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Classic and Vintage Bicycles: What's it Worth? Appraisals and Inquiries Use this subforum for all requests as to "How much is this vintage bike worth?"Do NOT try to sell it in here, use the Marketplaces.

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Old 09-14-12, 08:42 PM   #1
bigwooly
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Kabuki by Bridgestone Superlight

Not sure what year or really much else about it.

Some google-fu tells me it's probably mid to late 70's. It is most likely aluminum and the "lugs" should be aluminum cast around the tubes themselves while the they were in a jig or something like that.

Not sure about it's value or any history of the bike. It's gonna need a complete overhaul. Everything cleaned and repacked. Some parts are gonna need a rust bath. New cables, housing, etc. The tubes still hold air but i will most likely just replace them. The tires have some kind of moss growing on the sidewalls so they will need to be replaced. Wheels appear tru which is one plus.

All the components appear to be the original parts

Suntour stem shifters
Derailleurs are
Suntour VGT luxe (rear)
Suntour Compe-V (front)
SR Cranks w/ BS crests on the crank arms (Bridgestone?)
Dia Compe center-pulls and levers
Sakae Champion Bars
Some Chrome top tube cable clips
Araya Alloy 27 x 1 1/4 rims
Hubs are nasty and i can't tell what they are.

Soo what's it worth? I only paid $30.00





Thanks for your time!

Last edited by bigwooly; 09-18-12 at 04:25 PM.
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Old 09-14-12, 09:35 PM   #2
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Looks to be a pretty good deal for $30. Late 70's model in what looks like decent condition pretty orginal and complete. It does have realy small from for someone about 5' to about 5'4" which does add a bit of a premium to the price. Nicely cleaned up and tuned ready to ride to should be worth about $150. Likely needs all the bearings serviced new cables tires and and chain to get it riding real nice.
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Old 09-18-12, 12:41 PM   #3
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Based on my currrent understanding of the Bridgestone serial numbers, this one should be circa 1975. It's a great find for $30.
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Old 09-18-12, 04:22 PM   #4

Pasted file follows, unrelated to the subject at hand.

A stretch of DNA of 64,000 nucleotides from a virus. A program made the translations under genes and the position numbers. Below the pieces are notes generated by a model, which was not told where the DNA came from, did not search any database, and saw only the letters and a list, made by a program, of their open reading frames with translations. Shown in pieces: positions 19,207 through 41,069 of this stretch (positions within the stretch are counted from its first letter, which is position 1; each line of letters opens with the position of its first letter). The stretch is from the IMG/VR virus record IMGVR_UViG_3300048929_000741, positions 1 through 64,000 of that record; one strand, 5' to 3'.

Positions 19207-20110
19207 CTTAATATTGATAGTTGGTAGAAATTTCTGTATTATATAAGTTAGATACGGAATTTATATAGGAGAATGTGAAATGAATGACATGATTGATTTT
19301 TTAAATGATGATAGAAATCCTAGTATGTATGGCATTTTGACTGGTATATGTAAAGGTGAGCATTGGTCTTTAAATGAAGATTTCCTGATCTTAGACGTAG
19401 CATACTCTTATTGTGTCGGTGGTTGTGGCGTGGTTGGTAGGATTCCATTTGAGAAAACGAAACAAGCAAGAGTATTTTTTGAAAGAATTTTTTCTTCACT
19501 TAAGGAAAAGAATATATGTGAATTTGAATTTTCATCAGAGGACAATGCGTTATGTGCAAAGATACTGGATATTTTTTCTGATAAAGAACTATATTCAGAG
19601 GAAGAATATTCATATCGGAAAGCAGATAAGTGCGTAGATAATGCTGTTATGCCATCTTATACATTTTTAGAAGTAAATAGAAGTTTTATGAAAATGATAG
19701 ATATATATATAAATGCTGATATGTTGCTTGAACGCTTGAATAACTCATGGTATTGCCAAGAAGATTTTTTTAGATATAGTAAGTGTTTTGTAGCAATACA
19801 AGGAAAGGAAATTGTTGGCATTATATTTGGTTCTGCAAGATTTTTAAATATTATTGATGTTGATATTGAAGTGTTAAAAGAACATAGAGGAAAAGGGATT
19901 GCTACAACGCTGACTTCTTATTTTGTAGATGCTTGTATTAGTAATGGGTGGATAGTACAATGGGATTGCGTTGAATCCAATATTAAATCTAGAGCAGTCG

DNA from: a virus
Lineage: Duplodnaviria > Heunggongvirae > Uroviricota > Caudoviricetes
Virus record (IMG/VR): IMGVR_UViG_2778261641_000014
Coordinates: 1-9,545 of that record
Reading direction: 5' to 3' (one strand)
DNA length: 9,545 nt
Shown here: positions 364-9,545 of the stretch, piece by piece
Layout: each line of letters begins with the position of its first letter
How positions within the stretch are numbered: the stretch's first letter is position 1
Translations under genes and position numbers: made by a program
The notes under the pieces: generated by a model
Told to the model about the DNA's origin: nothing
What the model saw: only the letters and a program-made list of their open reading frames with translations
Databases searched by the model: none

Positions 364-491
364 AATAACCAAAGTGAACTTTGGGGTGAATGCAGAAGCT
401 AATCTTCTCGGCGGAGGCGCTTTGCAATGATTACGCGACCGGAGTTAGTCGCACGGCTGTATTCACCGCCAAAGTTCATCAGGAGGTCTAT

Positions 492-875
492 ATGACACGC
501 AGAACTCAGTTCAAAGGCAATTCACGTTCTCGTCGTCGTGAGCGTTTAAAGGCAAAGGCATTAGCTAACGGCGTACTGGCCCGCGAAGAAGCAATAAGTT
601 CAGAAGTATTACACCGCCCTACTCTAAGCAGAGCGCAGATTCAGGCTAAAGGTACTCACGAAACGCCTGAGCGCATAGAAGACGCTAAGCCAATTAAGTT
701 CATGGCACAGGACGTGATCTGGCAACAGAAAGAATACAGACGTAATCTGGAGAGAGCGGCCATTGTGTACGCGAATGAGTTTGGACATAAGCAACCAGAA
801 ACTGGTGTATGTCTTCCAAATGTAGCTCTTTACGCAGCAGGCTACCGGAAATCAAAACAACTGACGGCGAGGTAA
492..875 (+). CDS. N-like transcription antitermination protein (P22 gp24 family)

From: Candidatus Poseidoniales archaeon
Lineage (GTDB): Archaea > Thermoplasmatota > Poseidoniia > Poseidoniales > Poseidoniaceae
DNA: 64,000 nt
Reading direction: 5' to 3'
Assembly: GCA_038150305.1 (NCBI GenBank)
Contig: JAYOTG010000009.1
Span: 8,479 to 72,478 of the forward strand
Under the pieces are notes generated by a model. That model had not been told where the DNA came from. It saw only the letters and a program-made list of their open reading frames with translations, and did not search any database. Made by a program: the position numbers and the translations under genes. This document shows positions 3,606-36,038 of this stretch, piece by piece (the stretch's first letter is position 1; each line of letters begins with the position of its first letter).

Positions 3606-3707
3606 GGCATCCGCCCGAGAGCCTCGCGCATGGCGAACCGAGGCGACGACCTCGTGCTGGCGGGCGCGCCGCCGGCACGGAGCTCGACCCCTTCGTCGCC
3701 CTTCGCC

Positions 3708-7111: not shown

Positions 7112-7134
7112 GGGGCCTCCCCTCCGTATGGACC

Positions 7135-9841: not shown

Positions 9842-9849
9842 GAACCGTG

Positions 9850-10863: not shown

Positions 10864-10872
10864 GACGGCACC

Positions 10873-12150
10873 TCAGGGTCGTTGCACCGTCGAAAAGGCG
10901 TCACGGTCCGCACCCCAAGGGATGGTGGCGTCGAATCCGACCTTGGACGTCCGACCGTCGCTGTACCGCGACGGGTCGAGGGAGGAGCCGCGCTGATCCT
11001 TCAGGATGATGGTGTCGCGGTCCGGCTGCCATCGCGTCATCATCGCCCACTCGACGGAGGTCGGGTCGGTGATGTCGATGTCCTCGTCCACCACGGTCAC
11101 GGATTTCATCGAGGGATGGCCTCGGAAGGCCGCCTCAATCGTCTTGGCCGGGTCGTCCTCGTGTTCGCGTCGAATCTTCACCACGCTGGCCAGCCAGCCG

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Cool good info i wasn't sure if Kabuki would use the same Serial Numbers as Bridgestone bikes. It's way way way too small for me but i wasn't going to leave it sitting in the rain any longer for only $30.00
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Old 09-18-12, 05:33 PM   #5
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Well if it's not your size it should be pretty easy to do quick clean and fix up flip for a pretty good pofit. Also if your into C&V stuff a building up fixing old road bikes it has about $100 or so worth of parts if you wanted to strip it for future builds. About $40 for the shift group and $60 or so for the vintage alloy wheels plus whatever the other parts are worth. You did good not let this one sit in the rain for this price I would have snapped it up as well.
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Old 09-19-12, 06:56 AM   #6
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I really find it interesting how many eyelets and braze-ons there are on this thing. it has top and bottom eyelets on the fork and two sets on the rear dropouts. then it also has two on the insides of the chainstays in the back. any ideas what those would have been for? It definitely appears to have been intended to be a touring bike.
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Old 09-19-12, 09:30 AM   #7
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The eyelets on the bike are interesting. All of the Bridgestone built bikes I have seen from the 70's also had the multiple eyelets. I suspect this is because Bridgestone made its dropouts in house and likely used the same ones on all of the lower end models. The chain guard eyelets inside the frame are for the five speed commuter models that had a chain guard and full fenders.
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Old 09-19-12, 10:12 AM   #8
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Quote:
Originally Posted by zukahn1 View Post
The eyelets on the bike are interesting. All of the Bridgestone built bikes I have seen from the 70's also had the multiple eyelets. I suspect this is because Bridgestone made its dropouts in house and likely used the same ones on all of the lower end models. The chain guard eyelets inside the frame are for the five speed commuter models that had a chain guard and full fenders.
Most boom era, entry level bicycles had dual sets of eyelets, one for fenders and one for a rack. It was not uncommon for even high racing models to have one set for fenders. This was copying the European convention where the entry level models served as commuters and recreational tourers and the amateur racers used fenders for training in the wet, spring weather.

As for the extra eyelets inside the rear triangle, they're not for a chainguard, though they could be used for that purpose. A chainguard would only require one eyelet and the chainguard equipped Kabuki/Bridgestone of the era actually used a clamp on the seat stay. The eyelets are for mounting a disc brake caliper.
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Old 09-19-12, 10:43 AM   #9
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i can only imagine 1970's disc brakes and calipers it just sounds scary.
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Old 10-20-12, 12:37 PM   #10
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Thanks for the info. I am going to check one out for $50 this afternoon.
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